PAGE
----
SpaceX plans to fly an Orbcomm 2 smallsat on its next ISS resupply mission, after pulling it from its first flight to the station because of NASA safety concerns. NASA is flying its small Phonesat experiment as a secondary payload on Orbital's Antares station-resupply rocket. Those precedents can lead to regular cubesat rides to orbit.
NASA already has programs to launch cubesats as secondary payloads on its scheduled missions, as does the Pentagon. In February, the civilian space agency picked 33 more small satellites to fly under its Educational Launch of Nanosatellites program, and this month issued another call for proposals for launches in 2013-16.
Added to the U.S. National Laboratory Facility on the ISS, there are a lot of free rides to space for small scientific payloads, and secondary payloads are another source of government funds for launch service providers. There is increasing commercial interest in small satellites—ATK recently expanded its line of smallsats downward in scale—so the launch market is likely to grow.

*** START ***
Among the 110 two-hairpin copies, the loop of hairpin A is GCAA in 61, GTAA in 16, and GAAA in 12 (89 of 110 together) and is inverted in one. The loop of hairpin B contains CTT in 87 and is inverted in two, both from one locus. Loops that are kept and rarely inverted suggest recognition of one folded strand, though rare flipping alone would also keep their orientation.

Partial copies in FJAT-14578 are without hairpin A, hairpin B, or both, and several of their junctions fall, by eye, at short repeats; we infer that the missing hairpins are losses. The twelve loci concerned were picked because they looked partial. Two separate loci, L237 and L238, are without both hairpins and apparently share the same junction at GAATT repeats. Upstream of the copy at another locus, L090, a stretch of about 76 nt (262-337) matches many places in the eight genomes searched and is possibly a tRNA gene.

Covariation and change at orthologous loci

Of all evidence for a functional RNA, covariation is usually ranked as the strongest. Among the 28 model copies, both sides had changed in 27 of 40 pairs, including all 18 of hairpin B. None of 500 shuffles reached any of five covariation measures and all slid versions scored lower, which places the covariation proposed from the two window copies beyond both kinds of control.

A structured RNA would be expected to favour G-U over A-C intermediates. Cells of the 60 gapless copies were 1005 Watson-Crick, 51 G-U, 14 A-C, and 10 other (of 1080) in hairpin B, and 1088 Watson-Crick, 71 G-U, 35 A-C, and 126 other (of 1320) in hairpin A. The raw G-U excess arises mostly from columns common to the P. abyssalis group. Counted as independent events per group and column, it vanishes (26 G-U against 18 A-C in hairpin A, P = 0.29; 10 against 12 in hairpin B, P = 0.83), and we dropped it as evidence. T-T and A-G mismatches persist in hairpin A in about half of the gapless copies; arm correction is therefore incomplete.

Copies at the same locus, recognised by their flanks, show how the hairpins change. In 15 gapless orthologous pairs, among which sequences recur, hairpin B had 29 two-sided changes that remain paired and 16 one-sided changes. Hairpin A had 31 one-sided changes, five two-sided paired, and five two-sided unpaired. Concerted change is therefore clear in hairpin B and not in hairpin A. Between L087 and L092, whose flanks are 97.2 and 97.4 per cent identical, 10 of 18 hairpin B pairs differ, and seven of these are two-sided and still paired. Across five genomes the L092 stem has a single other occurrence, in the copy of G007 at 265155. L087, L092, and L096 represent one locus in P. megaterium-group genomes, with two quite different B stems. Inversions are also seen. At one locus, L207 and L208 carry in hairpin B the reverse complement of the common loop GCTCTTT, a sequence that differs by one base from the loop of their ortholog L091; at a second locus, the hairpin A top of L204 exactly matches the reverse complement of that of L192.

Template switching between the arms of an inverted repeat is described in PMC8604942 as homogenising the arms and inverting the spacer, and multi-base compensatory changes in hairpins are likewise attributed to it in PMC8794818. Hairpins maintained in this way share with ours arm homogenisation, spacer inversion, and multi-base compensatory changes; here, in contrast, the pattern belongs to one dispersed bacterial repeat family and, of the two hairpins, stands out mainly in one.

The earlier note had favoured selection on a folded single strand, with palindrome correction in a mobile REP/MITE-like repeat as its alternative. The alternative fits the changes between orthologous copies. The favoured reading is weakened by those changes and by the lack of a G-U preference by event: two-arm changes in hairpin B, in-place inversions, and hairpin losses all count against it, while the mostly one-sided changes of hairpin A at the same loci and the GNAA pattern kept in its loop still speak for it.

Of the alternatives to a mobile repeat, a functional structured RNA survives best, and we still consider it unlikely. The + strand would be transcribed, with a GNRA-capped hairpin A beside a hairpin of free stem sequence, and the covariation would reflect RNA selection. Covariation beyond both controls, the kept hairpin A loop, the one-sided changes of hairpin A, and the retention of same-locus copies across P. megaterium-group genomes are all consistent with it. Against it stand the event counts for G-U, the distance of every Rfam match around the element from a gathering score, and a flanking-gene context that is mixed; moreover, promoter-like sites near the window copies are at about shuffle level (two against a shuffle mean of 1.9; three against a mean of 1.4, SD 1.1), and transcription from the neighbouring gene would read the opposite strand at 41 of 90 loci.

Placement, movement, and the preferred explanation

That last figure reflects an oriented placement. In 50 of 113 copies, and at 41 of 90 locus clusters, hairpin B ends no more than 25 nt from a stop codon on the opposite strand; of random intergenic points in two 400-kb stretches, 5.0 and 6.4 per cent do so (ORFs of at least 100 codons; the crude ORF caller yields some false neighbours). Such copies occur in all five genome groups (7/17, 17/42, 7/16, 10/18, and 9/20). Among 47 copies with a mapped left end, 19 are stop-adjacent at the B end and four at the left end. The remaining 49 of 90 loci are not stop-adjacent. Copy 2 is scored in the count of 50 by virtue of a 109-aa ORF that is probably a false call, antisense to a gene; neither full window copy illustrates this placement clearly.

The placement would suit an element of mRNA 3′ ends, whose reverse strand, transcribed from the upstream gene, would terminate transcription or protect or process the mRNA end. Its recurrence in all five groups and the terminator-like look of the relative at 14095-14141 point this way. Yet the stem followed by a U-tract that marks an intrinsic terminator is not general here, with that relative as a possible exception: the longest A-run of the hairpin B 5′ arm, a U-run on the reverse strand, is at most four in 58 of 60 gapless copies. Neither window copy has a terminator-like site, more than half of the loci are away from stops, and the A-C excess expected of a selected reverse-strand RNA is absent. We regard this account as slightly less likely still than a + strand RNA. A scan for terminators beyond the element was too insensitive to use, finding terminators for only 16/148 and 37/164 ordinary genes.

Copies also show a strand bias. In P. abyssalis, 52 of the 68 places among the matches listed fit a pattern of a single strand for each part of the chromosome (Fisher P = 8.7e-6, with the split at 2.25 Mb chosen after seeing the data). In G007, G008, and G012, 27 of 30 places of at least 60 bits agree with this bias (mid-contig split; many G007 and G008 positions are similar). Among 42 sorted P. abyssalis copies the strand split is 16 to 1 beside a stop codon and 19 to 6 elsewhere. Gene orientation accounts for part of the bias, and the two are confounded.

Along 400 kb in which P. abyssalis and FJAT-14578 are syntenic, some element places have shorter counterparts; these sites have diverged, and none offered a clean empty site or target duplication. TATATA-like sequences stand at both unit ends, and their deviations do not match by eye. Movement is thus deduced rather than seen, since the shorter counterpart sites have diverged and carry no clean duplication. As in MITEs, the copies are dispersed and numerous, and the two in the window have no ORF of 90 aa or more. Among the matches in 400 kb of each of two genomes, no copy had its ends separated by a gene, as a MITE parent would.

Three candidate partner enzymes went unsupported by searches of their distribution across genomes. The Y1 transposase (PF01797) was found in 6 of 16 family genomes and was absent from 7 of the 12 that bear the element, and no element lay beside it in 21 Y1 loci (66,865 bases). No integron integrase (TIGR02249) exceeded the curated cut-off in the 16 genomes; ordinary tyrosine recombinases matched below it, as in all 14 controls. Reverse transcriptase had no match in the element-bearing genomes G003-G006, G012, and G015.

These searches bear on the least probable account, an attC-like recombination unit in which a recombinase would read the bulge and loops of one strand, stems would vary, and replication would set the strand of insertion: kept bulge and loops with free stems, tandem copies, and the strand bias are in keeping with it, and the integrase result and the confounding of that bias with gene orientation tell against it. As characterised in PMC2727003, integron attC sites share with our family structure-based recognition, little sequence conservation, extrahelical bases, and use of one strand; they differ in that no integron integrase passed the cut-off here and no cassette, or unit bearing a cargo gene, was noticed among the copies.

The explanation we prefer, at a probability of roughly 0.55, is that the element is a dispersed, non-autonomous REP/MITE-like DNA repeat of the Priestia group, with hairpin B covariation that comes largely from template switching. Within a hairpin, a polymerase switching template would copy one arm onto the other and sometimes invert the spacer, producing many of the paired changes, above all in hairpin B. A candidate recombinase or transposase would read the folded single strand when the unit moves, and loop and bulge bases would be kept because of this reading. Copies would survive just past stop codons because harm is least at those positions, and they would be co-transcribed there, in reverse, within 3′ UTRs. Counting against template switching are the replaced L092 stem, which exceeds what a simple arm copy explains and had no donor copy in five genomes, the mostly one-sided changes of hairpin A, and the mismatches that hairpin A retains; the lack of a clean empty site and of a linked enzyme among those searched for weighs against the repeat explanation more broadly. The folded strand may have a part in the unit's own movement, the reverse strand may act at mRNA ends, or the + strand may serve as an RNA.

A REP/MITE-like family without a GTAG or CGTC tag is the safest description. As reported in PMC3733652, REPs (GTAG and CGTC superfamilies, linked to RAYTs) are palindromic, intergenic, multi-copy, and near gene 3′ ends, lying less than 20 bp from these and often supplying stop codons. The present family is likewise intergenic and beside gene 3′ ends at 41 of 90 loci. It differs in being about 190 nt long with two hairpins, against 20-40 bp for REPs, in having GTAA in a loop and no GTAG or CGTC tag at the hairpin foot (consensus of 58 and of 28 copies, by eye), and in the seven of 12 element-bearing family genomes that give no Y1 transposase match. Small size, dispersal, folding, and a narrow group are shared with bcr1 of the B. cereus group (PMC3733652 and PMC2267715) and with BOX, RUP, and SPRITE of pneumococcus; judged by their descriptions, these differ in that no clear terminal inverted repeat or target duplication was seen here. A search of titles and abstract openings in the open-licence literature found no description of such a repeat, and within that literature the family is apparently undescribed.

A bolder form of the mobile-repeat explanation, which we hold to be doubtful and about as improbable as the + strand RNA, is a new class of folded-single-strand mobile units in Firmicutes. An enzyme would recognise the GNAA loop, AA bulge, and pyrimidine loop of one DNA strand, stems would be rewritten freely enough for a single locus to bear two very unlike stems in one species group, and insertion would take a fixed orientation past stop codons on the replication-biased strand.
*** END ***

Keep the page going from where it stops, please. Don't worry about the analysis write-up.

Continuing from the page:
But Carroll warns that there are some risks. Of particular concern is the space-debris issue. Most current cubesats are short-lived, uncontrolled and right at the lower size limit of what can be tracked from the ground.
“The real solution to my mind is to launch on Dragon but attach to the Falcon second stage,” Carroll says. “After [main engine cutoff], the Dragon goes its separate way, and the Falcon is available for use” to place secondary payloads in safe orbits, using the stage's excess capacity.